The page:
iv The structure and format of the COI Report reflects the way it is used by UKBA decision makers and appeals presenting officers, who require quick electronic access to information on specific issues and use the contents page to go directly to the subject required. Key issues are usually covered in some depth within a dedicated section, but may also be referred to briefly in several other sections. Some repetition is therefore inherent in the structure of the Report.
v The information included in this COI Report is limited to that which can be identified from source documents. While every effort is made to cover all relevant aspects of a particular topic, it is not always possible to obtain the information concerned. For this reason, it is important to note that information included in the Report should not be taken to imply anything beyond what is actually stated. For example, if it is stated that a particular law has been passed, this should not be taken to imply that it has been effectively implemented unless stated.
vi As noted above, the Report is a collation of material produced by a number of reliable information sources. In compiling the Report, no attempt has been made to resolve discrepancies between information provided in different source documents. For example, different source documents often contain different versions of names and spellings of individuals, places and political parties, etc. COI Reports do not aim to bring consistency of spelling, but to reflect faithfully the spellings used in the original source documents. Similarly, figures given in different source documents sometimes vary and these are simply quoted as per the original text. The term ‘sic’ has been used in this document only to denote incorrect spellings or typographical errors in quoted text; its use is not intended to imply any comment on the content of the material.
vii The Report is based substantially upon source documents issued during the previous two years. However, some older source documents may have been included because they contain relevant information not available in more recent documents. All sources contain information considered relevant at the time this Report was issued.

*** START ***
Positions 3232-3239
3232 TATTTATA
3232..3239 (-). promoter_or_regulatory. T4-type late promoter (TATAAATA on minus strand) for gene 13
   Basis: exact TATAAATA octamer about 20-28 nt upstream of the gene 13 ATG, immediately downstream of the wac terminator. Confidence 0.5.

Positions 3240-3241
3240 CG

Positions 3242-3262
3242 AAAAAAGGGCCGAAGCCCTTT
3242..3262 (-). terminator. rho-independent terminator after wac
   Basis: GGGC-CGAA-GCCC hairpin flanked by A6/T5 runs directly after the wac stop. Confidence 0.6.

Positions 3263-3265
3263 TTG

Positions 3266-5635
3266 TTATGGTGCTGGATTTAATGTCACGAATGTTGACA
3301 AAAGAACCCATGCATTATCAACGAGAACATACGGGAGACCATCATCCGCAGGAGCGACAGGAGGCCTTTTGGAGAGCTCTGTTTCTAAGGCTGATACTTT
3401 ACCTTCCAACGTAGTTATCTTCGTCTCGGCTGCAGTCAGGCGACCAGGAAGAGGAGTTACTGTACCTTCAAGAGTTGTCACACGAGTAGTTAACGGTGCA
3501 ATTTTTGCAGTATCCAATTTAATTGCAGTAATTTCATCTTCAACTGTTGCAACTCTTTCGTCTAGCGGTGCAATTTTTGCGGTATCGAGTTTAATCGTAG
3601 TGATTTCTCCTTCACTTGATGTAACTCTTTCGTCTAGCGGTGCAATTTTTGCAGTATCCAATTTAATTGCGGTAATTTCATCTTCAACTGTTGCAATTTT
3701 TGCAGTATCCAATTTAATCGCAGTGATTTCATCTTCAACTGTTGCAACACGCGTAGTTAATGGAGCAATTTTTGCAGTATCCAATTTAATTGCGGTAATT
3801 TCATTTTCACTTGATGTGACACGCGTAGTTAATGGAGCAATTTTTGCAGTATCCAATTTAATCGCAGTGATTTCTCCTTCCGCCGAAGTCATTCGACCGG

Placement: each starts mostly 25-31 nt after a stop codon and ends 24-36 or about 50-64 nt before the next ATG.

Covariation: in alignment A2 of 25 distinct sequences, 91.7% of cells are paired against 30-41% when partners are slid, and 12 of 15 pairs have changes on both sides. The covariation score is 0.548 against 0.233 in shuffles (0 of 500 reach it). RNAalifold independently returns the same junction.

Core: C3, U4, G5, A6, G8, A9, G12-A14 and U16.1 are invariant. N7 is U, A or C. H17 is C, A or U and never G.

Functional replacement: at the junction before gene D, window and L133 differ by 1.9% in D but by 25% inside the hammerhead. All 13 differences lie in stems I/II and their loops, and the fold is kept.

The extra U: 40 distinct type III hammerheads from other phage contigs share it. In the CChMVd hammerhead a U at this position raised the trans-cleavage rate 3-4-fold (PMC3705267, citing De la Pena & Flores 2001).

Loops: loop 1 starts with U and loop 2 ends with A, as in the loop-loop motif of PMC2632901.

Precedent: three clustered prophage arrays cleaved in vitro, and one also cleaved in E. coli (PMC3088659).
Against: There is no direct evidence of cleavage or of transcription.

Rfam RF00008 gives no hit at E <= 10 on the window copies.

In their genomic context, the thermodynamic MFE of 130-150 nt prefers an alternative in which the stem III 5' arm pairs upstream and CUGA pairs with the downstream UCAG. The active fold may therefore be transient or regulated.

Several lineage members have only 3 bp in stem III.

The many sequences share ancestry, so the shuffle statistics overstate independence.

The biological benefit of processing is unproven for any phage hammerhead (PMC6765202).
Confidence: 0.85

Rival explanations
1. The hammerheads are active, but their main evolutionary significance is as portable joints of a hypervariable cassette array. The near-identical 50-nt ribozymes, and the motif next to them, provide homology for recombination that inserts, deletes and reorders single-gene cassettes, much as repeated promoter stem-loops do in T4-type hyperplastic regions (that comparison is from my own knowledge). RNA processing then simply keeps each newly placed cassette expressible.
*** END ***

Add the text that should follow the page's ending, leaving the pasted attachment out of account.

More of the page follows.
viii This COI Report and the accompanying source material are public documents. All COI Reports are published on the RDS section of the Home Office website and the great majority of the source material for the Report is readily available in the public domain. Where the source documents identified in the Report are available in electronic form, the relevant web link has been included, together with the date that the link was accessed. Copies of less accessible source documents, such as those provided by government offices or subscription services, are available from the COI Service upon request.
ix COI Reports are published regularly on the top 20 asylum intake countries. COI Key Documents are produced on lower asylum intake countries according to operational need. UKBA officials also have constant access to an information request service for specific enquiries.
x In producing this COI Report, COI Service has sought to provide an accurate, balanced summary of the available source material. Any comments regarding this Report or suggestions for additional source material are very welcome and should be submitted to UKBA as below.